As his call to missionary service grew, its direction to India and beyond became clearer. His reading of David Brainerd fired those desires. His extraordinary ability with languages was matched by a delight in them. His reward at the end of a tiring day was to absorb himself in Persian and Arabic grammars.
At this time he was introduced to the Clapham Sect and its leader, William Wilberforce. He also met the elderly John Newton.
For Martyn, events were moving on. He was ordained in the Church of England at 24. His plan was to obtain a chaplaincy with the East India Company, a powerful agency, but by no means favourable to missions. However, the Lord overruled and he was successful in his application.
He preached his last sermon to Simeon’s crowded congregation in Holy Trinity. As he left, the whole congregation stood — an unusual event and token of their affection and esteem for him.
It is hard for us to understand how traumatic it was for him to leave behind his house and friends, the fellowship at Holy Trinity, the woman he loved and indeed his whole world. Yet he knew his calling was ‘to leave all and follow Christ’.
Martyn was nine months at sea, war with France adding to the dangers. The East India fleet sailed in a convoy of 150 ships, with the Royal Navy to guard them. Conditions on board were almost unbearable.
He spent the first days of the voyage on deck ‘standing in the air in a sort of patient stupidity, very sick and cold’. He also spent his time seeking to do the variety of other passengers good. He read aloud to a small group from Pilgrim’s progress.
He didn’t have an arresting presence or the gifts of a street preacher, yet he saw even in that rough and rowdy crowd, a few who listened and turned to the Saviour. He thought of the words in Isaiah, ‘Whom shall I send, and who will go for us? … Here am I, send me’.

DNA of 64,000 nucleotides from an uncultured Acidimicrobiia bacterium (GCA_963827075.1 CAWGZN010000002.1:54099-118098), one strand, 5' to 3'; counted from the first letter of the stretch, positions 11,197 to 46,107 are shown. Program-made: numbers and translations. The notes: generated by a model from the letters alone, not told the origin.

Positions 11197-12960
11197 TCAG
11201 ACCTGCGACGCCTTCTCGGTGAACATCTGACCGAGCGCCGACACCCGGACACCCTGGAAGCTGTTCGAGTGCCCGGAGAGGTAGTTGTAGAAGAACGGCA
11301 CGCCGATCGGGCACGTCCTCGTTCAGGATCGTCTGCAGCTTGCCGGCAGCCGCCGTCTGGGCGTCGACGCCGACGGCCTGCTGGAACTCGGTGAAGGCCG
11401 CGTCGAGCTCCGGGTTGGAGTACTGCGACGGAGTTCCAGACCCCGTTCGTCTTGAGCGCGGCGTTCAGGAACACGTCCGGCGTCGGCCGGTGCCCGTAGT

At last Ceylon appeared. Then, on 16 May 1806, the ship sailed into the Hooghly River, and on to Calcutta. The journey had taken nine months.
It was in Calcutta that Henry Martyn met the missionary and Oriental scholar William Carey. They had breakfast together ‘without the smell of the ship’. A close friendship developed between Martyn and David Brown, an East India Company chaplain who lived just outside Calcutta and who invited Martyn to stay with him.
His accommodation turned out to be an old pagoda, or forsaken pagan temple. Martyn comments: ‘Thither I returned at night and felt something like superstitious dread at being in a place once inhabited as it were by devils, yet felt disposed to be triumphantly joyful that this temple where they were once worshipped was become Christ’s oratory. I prayed aloud to my God, and the echoes returned from the vaulted roof’.